Background As levels of anthropogenic noise in the marine environment rise, it is crucial to quantify potential associated effects on marine mammals. Yet measuring responses is challenging because most species spend the majority of their time submerged. Consequently, much of their sub-surface behavior is difficult or impossible to observe and it can be difficult to determine if—during or following an exposure to sound—an observed dive differs from previously recorded dives. We propose a method for initial assessment of potential behavioral responses observed during controlled exposure experiments (CEEs), in which animals are intentionally exposed to anthropogenic sound sources. To identify possible behavioral responses in dive data collected from satellite-linked time–depth recorders, and to inform the selection and parameters for subsequent individual and population-level response analyses, we propose to use kernel density estimates of conditional distributions for quantitative comparison of pre- and post-exposure behavior. Results We apply the proposed method to nine Cuvier’s beaked whales (Ziphius cavirostris) exposed to a lower-amplitude simulation of Mid-Frequency Active Sonar within the context of a CEE. The exploratory procedure provides evidence that exposure to sound causes animals to change their diving behavior. Nearly all animals tended to dive deep immediately following exposure, potentially indicating avoidance behavior. Following the initial deep dive after exposure, the procedure provides evidence that animals either avoided deep dives entirely or initiated deep dives at unusual times relative to their pre-exposure, baseline behavior patterns. The procedure also provides some evidence that animals exposed as a group may tend to respond as a group. Conclusions The exploratory approach we propose can identify potential behavioral responses across a range of diving parameters observed during CEEs. The method is particularly useful for analyzing data collected from animals for which neither the baseline, unexposed patterns in dive behavior nor the potential types or duration of behavioral responses is well characterized in the literature. The method is able to be applied in settings where little a priori knowledge is known because the statistical analyses employ kernel density estimates of conditional distributions, which are flexible non-parametric techniques. The kernel density estimates allow researchers to initially assess potential behavioral responses without making strong, model-based assumptions about the data.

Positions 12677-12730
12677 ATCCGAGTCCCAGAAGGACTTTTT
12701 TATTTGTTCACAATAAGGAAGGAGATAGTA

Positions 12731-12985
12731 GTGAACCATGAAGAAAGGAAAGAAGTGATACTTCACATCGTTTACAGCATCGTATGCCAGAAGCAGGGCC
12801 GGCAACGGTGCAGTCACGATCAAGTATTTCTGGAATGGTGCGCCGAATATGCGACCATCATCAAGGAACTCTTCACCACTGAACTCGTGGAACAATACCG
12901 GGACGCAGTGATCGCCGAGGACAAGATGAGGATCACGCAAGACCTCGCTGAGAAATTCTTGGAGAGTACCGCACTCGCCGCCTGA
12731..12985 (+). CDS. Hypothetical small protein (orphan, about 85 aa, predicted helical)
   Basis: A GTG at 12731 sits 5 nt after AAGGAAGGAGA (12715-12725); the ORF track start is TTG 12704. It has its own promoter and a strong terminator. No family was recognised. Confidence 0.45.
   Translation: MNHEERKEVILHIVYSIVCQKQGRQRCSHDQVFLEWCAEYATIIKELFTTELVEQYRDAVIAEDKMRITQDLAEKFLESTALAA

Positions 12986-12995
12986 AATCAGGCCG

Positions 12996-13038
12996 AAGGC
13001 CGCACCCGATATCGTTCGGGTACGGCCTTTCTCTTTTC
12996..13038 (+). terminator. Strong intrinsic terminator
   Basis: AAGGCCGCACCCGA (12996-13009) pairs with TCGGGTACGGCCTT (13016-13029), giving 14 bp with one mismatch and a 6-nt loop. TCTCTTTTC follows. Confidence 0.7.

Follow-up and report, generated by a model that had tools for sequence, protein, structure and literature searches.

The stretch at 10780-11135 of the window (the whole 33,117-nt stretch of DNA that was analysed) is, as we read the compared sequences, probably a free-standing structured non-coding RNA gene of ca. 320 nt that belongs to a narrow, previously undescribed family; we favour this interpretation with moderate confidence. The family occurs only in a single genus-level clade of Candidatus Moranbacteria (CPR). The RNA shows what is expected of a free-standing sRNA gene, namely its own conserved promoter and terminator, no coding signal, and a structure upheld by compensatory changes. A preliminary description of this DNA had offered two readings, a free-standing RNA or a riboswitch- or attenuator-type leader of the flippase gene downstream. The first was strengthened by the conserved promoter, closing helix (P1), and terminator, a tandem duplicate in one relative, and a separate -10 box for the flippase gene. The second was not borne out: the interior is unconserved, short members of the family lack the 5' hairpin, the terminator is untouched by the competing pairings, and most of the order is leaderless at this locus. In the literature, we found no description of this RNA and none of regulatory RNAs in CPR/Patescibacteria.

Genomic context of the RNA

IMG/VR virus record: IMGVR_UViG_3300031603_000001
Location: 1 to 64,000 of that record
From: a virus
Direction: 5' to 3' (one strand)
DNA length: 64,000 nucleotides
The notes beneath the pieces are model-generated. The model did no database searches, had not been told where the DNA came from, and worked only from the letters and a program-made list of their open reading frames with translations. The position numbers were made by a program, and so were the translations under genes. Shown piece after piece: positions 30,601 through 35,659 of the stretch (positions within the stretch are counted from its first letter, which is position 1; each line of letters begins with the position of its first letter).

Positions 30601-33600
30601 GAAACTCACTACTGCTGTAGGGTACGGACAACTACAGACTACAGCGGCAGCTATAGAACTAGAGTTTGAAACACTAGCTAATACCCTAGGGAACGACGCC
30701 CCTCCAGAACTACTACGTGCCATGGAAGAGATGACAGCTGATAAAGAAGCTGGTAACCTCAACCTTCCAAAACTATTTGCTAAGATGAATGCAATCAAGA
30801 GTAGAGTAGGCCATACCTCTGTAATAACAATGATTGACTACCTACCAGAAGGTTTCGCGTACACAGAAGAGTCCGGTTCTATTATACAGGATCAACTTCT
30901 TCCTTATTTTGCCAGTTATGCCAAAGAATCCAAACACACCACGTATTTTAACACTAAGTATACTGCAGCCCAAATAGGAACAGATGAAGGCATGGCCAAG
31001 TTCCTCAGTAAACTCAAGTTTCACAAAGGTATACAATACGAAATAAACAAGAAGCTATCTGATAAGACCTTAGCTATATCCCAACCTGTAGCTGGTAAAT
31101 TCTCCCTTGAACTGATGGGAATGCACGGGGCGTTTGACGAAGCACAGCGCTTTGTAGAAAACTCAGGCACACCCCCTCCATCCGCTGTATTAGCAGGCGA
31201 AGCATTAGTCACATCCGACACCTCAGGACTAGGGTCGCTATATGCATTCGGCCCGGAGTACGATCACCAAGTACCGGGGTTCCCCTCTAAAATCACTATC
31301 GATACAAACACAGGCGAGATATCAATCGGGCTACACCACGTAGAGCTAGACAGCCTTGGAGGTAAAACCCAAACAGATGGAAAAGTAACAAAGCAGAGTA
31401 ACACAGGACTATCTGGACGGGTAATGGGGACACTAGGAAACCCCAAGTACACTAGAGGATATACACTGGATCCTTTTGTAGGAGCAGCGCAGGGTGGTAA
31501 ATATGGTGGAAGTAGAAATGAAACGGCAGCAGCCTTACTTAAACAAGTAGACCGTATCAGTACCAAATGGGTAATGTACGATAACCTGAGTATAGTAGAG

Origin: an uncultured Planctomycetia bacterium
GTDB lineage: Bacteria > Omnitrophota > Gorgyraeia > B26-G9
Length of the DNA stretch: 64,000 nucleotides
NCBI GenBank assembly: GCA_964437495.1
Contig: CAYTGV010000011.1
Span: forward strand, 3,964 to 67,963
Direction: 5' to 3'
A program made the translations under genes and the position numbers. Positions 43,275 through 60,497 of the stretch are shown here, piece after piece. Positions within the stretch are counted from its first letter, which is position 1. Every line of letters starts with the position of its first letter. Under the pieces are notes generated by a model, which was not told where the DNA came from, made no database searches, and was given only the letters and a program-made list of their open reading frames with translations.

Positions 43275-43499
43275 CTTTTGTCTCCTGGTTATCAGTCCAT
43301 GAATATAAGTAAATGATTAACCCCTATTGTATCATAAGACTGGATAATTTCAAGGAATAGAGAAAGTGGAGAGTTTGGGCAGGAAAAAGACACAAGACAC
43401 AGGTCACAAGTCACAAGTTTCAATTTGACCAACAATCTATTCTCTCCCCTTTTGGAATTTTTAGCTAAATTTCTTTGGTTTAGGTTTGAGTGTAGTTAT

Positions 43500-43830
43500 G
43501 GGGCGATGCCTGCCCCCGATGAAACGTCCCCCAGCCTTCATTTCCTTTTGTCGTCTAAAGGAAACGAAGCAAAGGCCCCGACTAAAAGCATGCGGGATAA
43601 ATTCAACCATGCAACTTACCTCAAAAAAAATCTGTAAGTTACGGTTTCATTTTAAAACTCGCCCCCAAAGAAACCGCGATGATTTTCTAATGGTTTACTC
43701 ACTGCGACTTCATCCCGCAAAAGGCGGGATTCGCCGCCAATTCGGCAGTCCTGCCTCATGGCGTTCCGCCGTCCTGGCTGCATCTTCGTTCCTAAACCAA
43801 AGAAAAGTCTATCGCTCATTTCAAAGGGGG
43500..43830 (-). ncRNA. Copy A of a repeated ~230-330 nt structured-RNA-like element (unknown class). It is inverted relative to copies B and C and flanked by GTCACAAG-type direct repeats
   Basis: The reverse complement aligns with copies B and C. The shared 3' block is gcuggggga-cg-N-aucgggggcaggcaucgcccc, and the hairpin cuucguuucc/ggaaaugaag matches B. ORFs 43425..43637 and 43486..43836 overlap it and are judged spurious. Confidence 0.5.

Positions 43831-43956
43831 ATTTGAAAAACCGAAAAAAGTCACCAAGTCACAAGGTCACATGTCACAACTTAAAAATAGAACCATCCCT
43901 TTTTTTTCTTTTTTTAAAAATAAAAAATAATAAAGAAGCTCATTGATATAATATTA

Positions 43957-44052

Publication Date


Publication Title

Animal Biotelemetry





Embargo Period


Organisational Unit

School of Biological and Marine Sciences